Who knew it was Ladies’ Night in Boca Raton? Governor Mitt Romney tried to woo the female vote Monday night at the final presidential debate by playing the guy next door. It was too late and too forced.
This was not Romney the tough guy, pounding his fist to protect America as he often did during the primaries. His stinging criticism of the president was that he hasn’t spent enough effort on women’s empowerment in the Middle East. His “red line” policy on Iran was tempered, as he focused on diplomacy and sanctions more than preemptive strikes. Romney even ruled out the possibility of military intervention in Syria, far more peacenik than Obama. In appealing to a less-violent foreign policy, Romney repeated twice that “we can’t kill our way out of this mess.”
What happened? This debate was, in the end, about one constituency only: the women’s vote. The female vote has been moving steadily toward Romney as his positions have become more user-friendly. Both candidates appealed early and often to women who prefer to live with fewer wars and less belligerency.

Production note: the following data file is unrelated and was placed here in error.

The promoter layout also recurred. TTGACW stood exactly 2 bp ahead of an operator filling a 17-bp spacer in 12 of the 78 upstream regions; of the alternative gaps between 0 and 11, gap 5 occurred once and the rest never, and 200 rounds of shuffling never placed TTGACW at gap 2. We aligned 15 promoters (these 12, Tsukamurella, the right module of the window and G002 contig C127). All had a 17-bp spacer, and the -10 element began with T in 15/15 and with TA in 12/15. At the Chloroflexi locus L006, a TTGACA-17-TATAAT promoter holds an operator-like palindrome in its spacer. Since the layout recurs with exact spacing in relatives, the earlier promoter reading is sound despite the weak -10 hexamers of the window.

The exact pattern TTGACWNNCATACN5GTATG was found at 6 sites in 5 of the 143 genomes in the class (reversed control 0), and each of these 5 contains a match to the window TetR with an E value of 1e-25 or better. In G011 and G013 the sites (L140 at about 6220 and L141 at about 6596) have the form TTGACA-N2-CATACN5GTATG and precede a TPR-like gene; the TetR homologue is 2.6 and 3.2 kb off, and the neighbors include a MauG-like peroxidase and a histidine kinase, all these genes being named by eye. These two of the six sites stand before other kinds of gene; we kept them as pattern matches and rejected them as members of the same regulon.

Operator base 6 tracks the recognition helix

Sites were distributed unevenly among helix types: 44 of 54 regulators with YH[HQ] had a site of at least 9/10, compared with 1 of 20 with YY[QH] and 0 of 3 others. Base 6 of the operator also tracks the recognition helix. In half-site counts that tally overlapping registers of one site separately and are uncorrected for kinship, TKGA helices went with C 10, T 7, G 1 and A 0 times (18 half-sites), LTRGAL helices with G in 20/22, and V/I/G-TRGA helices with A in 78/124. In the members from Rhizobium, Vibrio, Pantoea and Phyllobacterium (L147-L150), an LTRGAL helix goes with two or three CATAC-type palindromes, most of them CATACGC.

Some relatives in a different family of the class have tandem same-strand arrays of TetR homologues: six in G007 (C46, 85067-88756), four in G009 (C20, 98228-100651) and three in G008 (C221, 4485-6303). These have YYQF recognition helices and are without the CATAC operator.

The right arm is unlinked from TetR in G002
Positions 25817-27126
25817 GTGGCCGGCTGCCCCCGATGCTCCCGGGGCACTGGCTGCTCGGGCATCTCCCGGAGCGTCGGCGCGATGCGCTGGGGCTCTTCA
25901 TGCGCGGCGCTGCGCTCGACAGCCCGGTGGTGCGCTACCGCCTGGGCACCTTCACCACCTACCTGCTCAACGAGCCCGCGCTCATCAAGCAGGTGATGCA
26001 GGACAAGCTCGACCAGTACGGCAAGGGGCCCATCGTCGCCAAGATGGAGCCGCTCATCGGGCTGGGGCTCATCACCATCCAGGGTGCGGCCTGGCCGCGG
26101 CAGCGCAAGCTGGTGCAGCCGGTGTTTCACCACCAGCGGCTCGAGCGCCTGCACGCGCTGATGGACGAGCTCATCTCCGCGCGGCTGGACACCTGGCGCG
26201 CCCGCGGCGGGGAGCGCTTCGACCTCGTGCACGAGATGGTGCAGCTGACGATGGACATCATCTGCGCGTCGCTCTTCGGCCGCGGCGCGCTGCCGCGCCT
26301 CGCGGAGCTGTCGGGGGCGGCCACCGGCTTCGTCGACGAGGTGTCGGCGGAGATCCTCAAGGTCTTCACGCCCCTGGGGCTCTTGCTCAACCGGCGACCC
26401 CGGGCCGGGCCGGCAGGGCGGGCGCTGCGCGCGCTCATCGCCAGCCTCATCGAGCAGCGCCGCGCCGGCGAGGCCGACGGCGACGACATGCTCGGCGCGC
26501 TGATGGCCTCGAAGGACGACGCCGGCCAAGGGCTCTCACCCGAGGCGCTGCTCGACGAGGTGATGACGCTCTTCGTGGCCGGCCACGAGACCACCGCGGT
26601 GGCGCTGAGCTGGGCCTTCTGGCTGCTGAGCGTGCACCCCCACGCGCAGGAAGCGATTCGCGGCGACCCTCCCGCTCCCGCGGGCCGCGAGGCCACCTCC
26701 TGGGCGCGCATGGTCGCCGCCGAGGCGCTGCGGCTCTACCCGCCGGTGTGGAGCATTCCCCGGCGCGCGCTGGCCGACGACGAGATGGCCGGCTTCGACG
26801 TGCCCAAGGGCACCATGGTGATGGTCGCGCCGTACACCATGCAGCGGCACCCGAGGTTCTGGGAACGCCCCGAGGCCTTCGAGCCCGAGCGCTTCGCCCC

But Romney’s late pivot to a kinder/gentler candidate bumped up against his record of statements; his performance seemed more passive than pacifist. Once Romney took hawk-talk off the table, he just couldn’t separate himself from Obama.
Meanwhile, courting the same voters, Obama turned the moment of chest-pounding victory with the death of Osama bin Laden into one about a child who lost his father to the terrorist mastermind, appealing to the heartstrings rather than the killer instinct. Romney seemed to fall silent, reminding us only in a disjointed end that “he loves teachers.”
It didn’t seem to matter that there was no woman moderator. Women were everywhere. But after months of being the bad boy, talking tough and taking prisoners, Romney didn’t have enough time to play the marrying kind.